Do you find meaning in the work you do every day?  I’ve spent my career in the corporate world.  I care about the overall mission of my company, and believe we are doing good work.  But it’s usually hard to find meaning in the day-to-day of the actual job.   I think quite a lot of people in large organizations feel this way, especially those who are seeking FIRE.  Financial freedom means the option to pursue ‘work’ that provides meaning and fulfillment, rather than just focusing on a paycheck and benefits.

What are your reasons for pursuing Financial Freedom?

Hamilton tickets, and some of the other ways I fail at being frugal

I’m more thrifty than the average Joe and will compare my squeezing-the-last-bit-of-toothpaste-out-of-the-tube skills with anyone out there.  But compared to some of the FIRE bloggers I read, I am a spendthrift!  Just a few examples:

We pay someone to clean our house.  This started when my now-husband moved in with me.  I saw the state of his bachelor apartment (GASP!) and did not want to spend time arguing with my new roomie about standards of cleanliness.  Hiring it out was a easy way to reduce that friction.  Now that a little one has entered into the family dynamic, paying someone to clean frees up precious free time in our evenings and on weekends.  FRUGAL TIP:  We did reduce the frequency of the housecleaning to accommodate the budget post-baby.

Salon styling.  I like to have my hair cut and colored professionally.  FRUGAL TIP:  adopt a low-maintenance hairstyle and coloring strategy to reduce the frequency of visits.  (Related:  anyone have a recommendation for a good product to cover up gray roots?!?)

Fancy daycare.  When asking for recommendations for daycares last year, only once place was consistently mentioned to us.  That is where our daughter goes and we’ve been quite happy.  It’s not cheap, but is any good daycare cheap?  (Unless it’s Grandma.  Grandma daycare can be amazing.  AND cheap.)  I’d rather spend just a little more and not worry about my child’s safety or quality of care.  FRUGAL TIP:  I contribute the annual limit ($5,000) to a dependent care FSA at work to maximize tax savings.

Expensive groceries.  I don’t usually shop at Aldi and Wal-Mart.  I’m certainly not opposed to shopping there, but at this stage of life, convenience sometimes trumps money.  It is a struggle to get to one grocery store per week, much less two or more.  So the streamlined choice is a regional grocery chain that is not the cheapest, but has the full variety of items we buy for our weekly meals.  FRUGAL TIPS:  We buy lots of store-branded groceries (canned goods, frozen veggies, etc.); I plan meals around the store’s weekly ad; and as members of the chain’s shopper program we max out the various coupons that we receive.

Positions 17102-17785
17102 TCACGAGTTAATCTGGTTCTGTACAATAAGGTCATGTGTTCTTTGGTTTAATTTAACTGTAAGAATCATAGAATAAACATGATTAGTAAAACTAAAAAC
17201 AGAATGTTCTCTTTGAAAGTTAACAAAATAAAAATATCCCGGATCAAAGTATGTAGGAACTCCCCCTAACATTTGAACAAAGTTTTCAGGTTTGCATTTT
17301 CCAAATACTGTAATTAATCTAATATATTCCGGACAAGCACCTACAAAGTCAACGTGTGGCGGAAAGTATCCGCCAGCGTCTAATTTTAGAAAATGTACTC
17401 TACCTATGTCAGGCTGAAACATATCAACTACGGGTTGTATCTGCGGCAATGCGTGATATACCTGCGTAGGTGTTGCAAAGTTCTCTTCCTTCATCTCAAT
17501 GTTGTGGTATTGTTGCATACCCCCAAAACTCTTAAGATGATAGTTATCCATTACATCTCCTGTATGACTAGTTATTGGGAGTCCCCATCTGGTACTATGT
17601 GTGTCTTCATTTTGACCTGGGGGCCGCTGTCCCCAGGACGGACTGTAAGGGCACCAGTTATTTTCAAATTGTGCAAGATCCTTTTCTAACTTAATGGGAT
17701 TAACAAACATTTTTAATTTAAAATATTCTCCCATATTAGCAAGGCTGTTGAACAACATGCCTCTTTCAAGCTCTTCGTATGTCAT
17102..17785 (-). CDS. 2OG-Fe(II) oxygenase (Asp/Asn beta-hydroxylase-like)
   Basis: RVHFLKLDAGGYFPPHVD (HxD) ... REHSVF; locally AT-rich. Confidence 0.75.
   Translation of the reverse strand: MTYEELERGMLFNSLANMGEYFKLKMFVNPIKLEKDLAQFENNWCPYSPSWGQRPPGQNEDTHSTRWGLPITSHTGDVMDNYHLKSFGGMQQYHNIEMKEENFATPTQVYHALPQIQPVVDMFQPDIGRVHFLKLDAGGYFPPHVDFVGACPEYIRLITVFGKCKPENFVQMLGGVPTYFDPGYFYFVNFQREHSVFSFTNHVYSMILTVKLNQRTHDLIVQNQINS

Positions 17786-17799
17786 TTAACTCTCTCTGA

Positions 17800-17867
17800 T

Hamilton tickets!  My husband has been obsessed with Hamilton for a couple of years now.  He knows most of the songs by heart.  And he recently bought tickets for the touring show.  They were ridiculously expensive but he is over-the-top excited.  We have months to look forward to it and will always remember it afterwards.  We don’t do these types of experiences very frequently either, so when we do, it feels more special.  FRUGAL TIP:  Is there any way to frugalize this?

How do you spend money like a champ?

Friday’s Odds and Ends: Shopping, Giving, Making a Will

  • I bought zero consumer items on Black Friday.  A handful of things were purchased in store on Monday: some candy for family stocking stuffers, snacks and gift cards for daycare teachers, and a small Crayola gift for my daughter for Christmas.  This was probably 50+% of my holiday shopping – we are keeping it simple this year.  Of course it’s great to save money, but for me it’s also about reducing STRESS.  Figuring out what to buy people, and what they should buy me (and now my child, too!) can be exhausting.
  • Our household contributions to charity have not been impressive this year.  I did, however, participate in #givingTuesday.  A donation was made to the local food bank, an impressively run organization that serves our entire metro area and beyond.  Two sets of infant PJs were also donated to a children’s charity, via their Amazon wish list.  The last time I checked over 2,500 items had been purchased!  Using an Amazon wish list is a pretty brilliant way for charities to receive the exact goods they need, in exactly the right quantities.
  • The hubs and I finally met with a lawyer about making a will.  This is definitely filed under the category of ‘boring adulty stuff,’ but now that we have a child – and  actually have some significant assets as well – it’s important to get it taken care of.  More to come on this topic as we finalize the documents!